forgot to clean out the oil. The oil self ignited and the tank
exploded, killing people over a 300 feet away.
--ghg

cbfull
03-08-2007, 03:17 AM
Hell, if I fart, I already release more greenhouse gas (methane) than what I need to get the system going.


Not a well known fact but humans are unique in that we don't fart methane, we produce hydrogen gas. Methane is produced during the digestion of cellulose, and we don't have the enzyme required for that.

Also, why the concern over N2O being a greenhouse gas? I can't imagine N2O being a bigger contributor to the greenhouse effect than CO2. It's generally accepted that molecules containing carbon atoms are the major contributors. The atmosphere is already composed of nitrogen and oxygen so I don't see how a different atomic configuration could be worse than CO2 or methane.

US Iceman
03-08-2007, 04:04 AM
This topic of methane being a worse greenhouse gas is something I'm interested in. Some of the videos I've seen seem to make methane out to be a substantial problem, more so the hydrates if I remember correctly.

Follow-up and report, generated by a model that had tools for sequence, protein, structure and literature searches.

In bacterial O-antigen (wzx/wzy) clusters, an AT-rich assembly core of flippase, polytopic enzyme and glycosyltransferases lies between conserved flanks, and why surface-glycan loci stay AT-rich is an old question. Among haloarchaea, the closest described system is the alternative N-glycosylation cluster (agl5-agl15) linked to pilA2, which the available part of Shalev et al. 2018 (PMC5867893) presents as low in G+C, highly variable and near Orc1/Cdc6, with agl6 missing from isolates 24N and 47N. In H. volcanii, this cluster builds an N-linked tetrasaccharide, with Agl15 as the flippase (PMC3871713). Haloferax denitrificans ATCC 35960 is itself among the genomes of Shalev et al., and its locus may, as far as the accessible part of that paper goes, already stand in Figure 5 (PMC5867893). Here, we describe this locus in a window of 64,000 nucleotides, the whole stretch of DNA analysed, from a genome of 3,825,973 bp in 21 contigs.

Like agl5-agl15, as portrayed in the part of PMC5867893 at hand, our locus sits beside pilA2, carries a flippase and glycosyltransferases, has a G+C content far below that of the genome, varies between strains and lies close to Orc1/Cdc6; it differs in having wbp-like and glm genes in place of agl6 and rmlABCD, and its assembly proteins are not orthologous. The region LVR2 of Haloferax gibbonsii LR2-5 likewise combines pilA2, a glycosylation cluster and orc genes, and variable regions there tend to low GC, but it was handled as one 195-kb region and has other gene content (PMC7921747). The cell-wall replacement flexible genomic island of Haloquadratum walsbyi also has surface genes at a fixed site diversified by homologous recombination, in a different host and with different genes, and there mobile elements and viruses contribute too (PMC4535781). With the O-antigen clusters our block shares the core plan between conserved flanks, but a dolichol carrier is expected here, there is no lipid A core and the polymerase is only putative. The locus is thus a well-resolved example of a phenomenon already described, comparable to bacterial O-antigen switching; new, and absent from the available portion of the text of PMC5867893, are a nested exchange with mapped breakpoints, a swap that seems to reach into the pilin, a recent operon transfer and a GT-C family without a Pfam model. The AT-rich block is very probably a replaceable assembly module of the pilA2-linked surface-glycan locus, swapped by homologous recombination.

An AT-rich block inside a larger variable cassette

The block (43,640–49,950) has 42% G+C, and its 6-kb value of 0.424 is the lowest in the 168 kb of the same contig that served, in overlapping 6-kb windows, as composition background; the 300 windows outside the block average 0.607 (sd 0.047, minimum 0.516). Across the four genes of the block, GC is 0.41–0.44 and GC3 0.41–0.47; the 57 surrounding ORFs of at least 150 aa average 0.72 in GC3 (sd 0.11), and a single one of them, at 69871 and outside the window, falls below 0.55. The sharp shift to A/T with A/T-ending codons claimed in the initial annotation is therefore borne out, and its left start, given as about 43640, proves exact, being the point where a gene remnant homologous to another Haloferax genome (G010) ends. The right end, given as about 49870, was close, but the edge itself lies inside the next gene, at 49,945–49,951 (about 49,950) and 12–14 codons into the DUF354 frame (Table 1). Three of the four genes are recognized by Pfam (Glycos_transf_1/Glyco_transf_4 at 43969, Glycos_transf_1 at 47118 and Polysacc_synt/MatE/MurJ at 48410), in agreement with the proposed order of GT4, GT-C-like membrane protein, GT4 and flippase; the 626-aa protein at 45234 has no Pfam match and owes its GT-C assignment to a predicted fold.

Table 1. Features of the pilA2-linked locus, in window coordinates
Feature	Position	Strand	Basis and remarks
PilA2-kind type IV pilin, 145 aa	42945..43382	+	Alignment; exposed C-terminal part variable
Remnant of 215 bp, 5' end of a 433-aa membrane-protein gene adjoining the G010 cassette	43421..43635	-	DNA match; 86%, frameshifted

Any comments?

cbfull
03-08-2007, 05:50 AM
Methane is produced as a waste product by many, many organisms, including bacteria. Methane hydrate is basically methane dissolved in water under great pressure. It's the same as a salt like magnesium sulfate (epsom salts) that can hold on to 7 molecules of water for every one molecule of actual magnesium sulfate. You can usually find somewhere on the package the actual contents, "Magnesium sulfate heptahydrate".

In the case of methane hydrate, it can be disturbed where it hides in deep water and then violently bubble to the top (like shaking a 2-liter). Also rising water temperatures from global warming cause it to be released. There is apparently a tremendous amount of this form of methane, and no one knows just how much or how much disturbance it would take to release it.

That's all I can tell you.

The MG Pony
03-08-2007, 09:51 AM
*Grones*

Tell me, does Nitroglycerin sound like a good car coolant? Didn't think so, same thing trying to use NO2 as a refrigerant, oxidizer*Oil*compression*Heat=Hyper velocity metal.